NEW YORK (NYTIMES) - James "Whitey" Bulger, the South Boston mobster and FBI informer who was captured after 16 years on the run and finally brought to justice in 2013 for a murderous reign of terror that inspired books, films and a saga of Irish-American brotherhood and brutality, was found beaten to death on Tuesday (Oct 30) in a West Virginia prison. He was 89.
Two Federal Bureau of Prisons employees said Bulger was beaten unrecognisable by inmates shortly after he arrived.
He had been moved from prison to prison in recent years and was incarcerated in Florida before being transferred to Hazelton federal penitentiary, which has been rife with violence.
A law enforcement official who oversees organised crime cases said he was told by a federal law enforcement official that a mob figure was believed to be responsible for the killing.
Bulger was serving two life sentences for 11 murders.
To the families of those he executed gangland-style and to a neighbourhood held in thrall long after he vanished in 1994, Bulger's arrest in Santa Monica, California, in 2011 and his conviction of gruesome crimes brought a final reckoning of sorts, and an end to the career of one of America's most notorious underworld figures.
In an all-but-lost era in South Boston, Bulger dominated the rackets and folklore in that Irish-American working-class enclave.
Tales of his exploits were learned from childhood there: how he shot men between the eyes, stabbed rivals in the heart with ice picks, strangled women who might betray him and buried victims in secret graveyards after yanking their teeth to thwart identification.
Enriching the Bulger legend, his brother, William, became president of the Massachusetts state Senate and president of the University of Massachusetts. Mr William Bulger always denied firsthand knowledge of his brother's crimes and whereabouts, but said he loved him and could never give him up to the law.
For years before details of Whitey Bulger's criminal history became known through trials, books, newspapers and congressional hearings, popular myths in South Boston portrayed him as an Irish Robin Hood, giving out turkeys on Thanksgiving and protecting his own from the hated police and outsiders.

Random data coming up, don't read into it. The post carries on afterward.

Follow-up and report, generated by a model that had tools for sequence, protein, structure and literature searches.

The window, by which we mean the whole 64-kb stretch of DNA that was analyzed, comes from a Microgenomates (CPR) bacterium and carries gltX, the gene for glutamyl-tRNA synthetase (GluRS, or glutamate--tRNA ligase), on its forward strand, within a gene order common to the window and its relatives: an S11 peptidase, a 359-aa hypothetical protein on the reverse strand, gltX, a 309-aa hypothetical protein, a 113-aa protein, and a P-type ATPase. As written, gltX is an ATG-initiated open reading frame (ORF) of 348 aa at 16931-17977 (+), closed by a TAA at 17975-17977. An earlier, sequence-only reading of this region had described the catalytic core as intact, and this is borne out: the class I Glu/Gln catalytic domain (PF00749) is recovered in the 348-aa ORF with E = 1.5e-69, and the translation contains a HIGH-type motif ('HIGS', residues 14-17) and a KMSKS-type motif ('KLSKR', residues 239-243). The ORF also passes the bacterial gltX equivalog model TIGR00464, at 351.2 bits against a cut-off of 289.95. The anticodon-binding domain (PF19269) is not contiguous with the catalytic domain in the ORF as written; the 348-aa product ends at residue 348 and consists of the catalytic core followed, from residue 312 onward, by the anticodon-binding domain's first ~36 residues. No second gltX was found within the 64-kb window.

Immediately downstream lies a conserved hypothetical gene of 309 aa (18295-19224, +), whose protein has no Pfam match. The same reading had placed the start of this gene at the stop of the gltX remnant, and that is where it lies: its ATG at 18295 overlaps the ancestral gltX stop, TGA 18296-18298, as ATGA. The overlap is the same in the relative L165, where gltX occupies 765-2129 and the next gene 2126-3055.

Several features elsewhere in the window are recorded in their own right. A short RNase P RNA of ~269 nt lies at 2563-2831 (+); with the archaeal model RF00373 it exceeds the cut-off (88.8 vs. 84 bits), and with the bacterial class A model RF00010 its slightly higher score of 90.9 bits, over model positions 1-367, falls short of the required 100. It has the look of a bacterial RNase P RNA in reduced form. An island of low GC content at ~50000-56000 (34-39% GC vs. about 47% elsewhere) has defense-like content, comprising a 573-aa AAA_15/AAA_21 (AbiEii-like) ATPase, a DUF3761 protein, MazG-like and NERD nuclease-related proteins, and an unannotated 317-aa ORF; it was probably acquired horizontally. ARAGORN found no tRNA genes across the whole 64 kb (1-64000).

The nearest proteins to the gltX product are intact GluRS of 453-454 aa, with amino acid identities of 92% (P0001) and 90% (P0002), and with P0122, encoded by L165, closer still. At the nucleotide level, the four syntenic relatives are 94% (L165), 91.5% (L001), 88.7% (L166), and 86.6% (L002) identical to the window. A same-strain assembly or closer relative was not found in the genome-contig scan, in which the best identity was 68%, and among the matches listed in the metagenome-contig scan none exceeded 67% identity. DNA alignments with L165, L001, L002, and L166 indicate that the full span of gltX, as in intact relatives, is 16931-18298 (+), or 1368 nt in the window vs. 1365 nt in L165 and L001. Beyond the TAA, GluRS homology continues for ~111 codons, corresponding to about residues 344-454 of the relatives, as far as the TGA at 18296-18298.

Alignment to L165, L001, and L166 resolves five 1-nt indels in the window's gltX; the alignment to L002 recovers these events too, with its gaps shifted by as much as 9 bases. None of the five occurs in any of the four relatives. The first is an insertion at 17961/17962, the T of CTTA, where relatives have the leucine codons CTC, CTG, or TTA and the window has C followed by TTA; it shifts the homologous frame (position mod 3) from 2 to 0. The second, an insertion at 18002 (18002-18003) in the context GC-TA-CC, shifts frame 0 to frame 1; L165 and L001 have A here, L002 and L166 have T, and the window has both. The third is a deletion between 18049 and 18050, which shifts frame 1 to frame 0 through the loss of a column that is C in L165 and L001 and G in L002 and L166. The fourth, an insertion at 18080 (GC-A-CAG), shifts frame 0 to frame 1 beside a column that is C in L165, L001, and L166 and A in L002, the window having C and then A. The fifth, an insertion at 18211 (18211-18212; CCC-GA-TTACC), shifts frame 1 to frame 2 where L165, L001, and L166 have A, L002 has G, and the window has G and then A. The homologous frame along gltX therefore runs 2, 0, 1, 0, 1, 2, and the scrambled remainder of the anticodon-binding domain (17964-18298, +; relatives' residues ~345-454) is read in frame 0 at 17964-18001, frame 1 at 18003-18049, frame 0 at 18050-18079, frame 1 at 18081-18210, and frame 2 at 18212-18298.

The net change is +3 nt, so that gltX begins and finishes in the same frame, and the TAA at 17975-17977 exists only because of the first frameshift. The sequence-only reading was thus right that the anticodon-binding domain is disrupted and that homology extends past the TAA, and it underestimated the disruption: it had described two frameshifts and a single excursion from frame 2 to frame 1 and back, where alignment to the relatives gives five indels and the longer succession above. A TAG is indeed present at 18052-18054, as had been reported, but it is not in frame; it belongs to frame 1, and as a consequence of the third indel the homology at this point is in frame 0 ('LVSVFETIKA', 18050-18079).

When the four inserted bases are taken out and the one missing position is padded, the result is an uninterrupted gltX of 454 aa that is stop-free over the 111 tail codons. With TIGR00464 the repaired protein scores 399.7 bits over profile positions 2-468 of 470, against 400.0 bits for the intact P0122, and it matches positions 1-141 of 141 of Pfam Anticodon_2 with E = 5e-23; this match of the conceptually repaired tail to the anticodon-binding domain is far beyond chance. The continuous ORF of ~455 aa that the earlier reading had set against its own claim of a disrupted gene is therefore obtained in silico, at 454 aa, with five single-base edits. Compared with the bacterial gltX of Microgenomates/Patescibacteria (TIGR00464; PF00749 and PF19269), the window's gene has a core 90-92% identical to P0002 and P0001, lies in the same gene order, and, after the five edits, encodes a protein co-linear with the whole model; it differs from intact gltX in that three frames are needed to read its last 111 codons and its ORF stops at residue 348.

His code of the streets was touted: Never sell angel dust to children or heroin in the neighbourhood, trust only the Irish, never lie to a friend or partner, and above all never squeal to the authorities. He was an inspiration for Jack Nicholson's mob boss in Martin Scorsese's 2006 film The Departed set in Boston.
But such romantic notions were shattered by disclosures that for some 15 years he had been a federal informer and that the authorities had turned a blind eye to his crimes in exchange for his snitching on the Mafia.
Beyond corrupting agents with bribes, the government said, the arrangement helped him conceal 19 murders, learn the identities of witnesses who later turned up dead, and send an innocent man to prison for a killing that Bulger had committed. It also led to a re-evaluation of rules for dealing with informers.
In December 1994, after decades of extortion, bookmaking, loan-sharking, gambling, truck-hijacking and drug dealing - much of it carried out as the authorities looked the other way - Bulger vanished just as federal officials were about to unseal an indictment and arrest him on racketeering charges.
It was later learned that he had been tipped off by the agent who had been his undercover handler for years.